Hebrews 10:17-22 & Hebrews 4:16
The Rev. Dr. Robert S. Langworthy, preaching
March 30, 2018
Before Max Lucado’s daughter left home for the first time in order to attend college, he gave her instructions about how to live a life independent of her parents’ supervision. Among other things, he taught her to monitor the checking account that he’d set up for her.
One day, he received from the bank an overdraft notice. Lucado guessed – rightly, as it turned out – that she’d forgotten to keep track of things and failed to notice she’d spent beyond her resources.
Lucado covered the shortage and paid the penalty fee. He also replenished her account with his own money. Then he phoned her.
When he informed her she was overdrawn, she admitted she hadn’t been paying attention, and told him she was really, really sorry. She did not, however, offer to pay Dad back, for she was – she just found out – flat broke. She knew she had but one hope. So she began, “Daddy, could you please…?” “Honey,” he interrupted, “I already have.”
A loving father met a beloved child’s need before she even knew she had it.
Long before any of us knew we needed mercy, our Father in heaven met our need. He made a deposit that covered our debt, and then some.
Likewise, before we knew we needed a Savior, we had one. And when we ask Him for mercy, He answers, “Beloved child, I have already given it.”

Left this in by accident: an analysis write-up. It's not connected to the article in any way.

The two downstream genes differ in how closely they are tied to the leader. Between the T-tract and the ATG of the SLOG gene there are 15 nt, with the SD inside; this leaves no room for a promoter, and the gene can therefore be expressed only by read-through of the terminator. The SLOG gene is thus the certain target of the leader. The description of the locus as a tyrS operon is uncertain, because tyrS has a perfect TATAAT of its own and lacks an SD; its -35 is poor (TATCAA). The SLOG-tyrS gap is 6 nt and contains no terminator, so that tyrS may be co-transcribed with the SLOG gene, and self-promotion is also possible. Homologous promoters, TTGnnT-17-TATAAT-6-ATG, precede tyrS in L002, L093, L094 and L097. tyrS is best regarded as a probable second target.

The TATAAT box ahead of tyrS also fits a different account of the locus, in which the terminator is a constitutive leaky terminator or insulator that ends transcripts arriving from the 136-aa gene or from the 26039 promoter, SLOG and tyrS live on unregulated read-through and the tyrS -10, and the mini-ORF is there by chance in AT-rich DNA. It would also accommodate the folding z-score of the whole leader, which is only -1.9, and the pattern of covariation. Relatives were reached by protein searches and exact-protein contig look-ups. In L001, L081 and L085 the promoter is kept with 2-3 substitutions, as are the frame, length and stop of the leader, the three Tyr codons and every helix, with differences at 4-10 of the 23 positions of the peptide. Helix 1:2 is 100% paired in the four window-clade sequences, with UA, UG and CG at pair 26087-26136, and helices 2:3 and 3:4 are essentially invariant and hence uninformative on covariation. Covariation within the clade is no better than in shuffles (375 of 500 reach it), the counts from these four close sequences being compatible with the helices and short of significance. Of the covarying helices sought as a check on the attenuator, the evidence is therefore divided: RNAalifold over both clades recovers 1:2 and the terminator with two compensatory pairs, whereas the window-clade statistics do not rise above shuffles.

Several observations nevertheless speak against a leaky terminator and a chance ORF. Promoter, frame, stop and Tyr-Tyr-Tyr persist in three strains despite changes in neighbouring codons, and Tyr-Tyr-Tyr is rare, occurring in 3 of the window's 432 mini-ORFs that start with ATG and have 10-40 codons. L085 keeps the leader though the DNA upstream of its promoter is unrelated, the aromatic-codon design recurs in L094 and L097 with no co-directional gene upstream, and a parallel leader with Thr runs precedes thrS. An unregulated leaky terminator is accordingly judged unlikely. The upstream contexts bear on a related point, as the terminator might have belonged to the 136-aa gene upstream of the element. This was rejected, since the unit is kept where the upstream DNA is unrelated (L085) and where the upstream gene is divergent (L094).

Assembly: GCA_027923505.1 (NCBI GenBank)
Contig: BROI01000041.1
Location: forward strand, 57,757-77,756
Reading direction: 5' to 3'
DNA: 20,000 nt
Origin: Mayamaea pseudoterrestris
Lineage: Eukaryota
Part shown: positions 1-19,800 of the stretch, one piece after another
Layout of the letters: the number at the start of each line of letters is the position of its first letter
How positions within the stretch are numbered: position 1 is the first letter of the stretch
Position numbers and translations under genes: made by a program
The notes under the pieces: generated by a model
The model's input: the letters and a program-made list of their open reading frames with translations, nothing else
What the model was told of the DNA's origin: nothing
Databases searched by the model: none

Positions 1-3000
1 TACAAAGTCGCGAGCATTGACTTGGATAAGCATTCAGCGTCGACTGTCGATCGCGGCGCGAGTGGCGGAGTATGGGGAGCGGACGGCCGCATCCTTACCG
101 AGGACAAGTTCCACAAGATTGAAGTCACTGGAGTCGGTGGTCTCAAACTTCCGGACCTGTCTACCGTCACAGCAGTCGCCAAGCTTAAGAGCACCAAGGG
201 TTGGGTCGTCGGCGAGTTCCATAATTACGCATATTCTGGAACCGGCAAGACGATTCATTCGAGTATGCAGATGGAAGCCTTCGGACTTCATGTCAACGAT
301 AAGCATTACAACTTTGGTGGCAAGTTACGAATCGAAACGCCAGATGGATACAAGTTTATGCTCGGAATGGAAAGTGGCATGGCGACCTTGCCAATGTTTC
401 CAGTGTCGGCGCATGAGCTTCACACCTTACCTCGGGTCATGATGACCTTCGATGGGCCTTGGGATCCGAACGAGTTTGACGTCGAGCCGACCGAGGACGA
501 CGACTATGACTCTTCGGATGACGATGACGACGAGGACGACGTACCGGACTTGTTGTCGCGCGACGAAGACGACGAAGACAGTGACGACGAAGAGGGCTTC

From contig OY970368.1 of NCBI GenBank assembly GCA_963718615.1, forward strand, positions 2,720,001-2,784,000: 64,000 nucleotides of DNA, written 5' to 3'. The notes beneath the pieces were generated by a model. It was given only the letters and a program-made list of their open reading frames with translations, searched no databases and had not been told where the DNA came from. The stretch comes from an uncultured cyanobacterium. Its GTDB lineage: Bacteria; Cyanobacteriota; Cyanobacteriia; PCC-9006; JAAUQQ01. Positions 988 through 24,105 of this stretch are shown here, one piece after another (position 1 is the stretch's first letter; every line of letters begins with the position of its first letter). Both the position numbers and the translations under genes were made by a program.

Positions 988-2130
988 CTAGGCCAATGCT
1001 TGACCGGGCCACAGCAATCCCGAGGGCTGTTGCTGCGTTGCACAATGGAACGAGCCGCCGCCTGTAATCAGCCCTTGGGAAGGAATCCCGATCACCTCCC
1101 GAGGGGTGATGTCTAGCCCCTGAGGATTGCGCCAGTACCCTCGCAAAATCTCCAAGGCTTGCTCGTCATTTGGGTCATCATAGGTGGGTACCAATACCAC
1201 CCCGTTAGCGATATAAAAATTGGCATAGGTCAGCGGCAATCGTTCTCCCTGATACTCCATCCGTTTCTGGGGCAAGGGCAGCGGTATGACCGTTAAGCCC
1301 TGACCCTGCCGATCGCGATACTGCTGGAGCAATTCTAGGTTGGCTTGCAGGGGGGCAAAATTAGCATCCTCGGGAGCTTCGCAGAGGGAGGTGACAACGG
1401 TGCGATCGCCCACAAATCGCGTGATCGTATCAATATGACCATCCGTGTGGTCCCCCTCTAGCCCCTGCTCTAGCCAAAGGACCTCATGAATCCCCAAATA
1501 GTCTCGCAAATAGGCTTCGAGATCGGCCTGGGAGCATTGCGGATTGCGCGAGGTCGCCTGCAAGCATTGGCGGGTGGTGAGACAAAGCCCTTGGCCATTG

We don’t realize our need for mercy for two reasons. First, even though the insufficiency of our moral and spiritual funds is obvious to God (and probably everyone else), God blesses us with so many gratuitous gifts that it’s easy for us to be in denial about our situation. Second, even though our deficit in character and conduct is obvious to God (and probably everyone else), we don’t see it because we look at ourselves from the perspective of how we measure up against people around us, and by that comparison we usually feel that we’re as decent as the next guy.
As a result, we don’t see our very real poverty.
We are like the Quechua Indians of Ecuador. A missionary who travelled deep into the mountains was stunned when he came upon a village of theirs, and experienced the appalling squalor in which they live. Stench and filth pervaded every inch of it. Disease and disfigurement ran rampant among people. People fed on rotten food and prized garbage as treasures. They would live in a hole in the ground and called it a house. But they thought nothing of it because everyone they knew lived that way. They had never experienced genuine well-being. They had no idea what a minimally good life looks like.
That is, despite our material well-being, our problem too. Like the Quechuas we compare the quality of our life with that of our neighbors, and it makes us think our quality of life is about as good as anyone else’s – and it might well be! But as a result we don’t see our shared spiritual poverty and moral illness. We don’t get how sick and undeveloped we all are.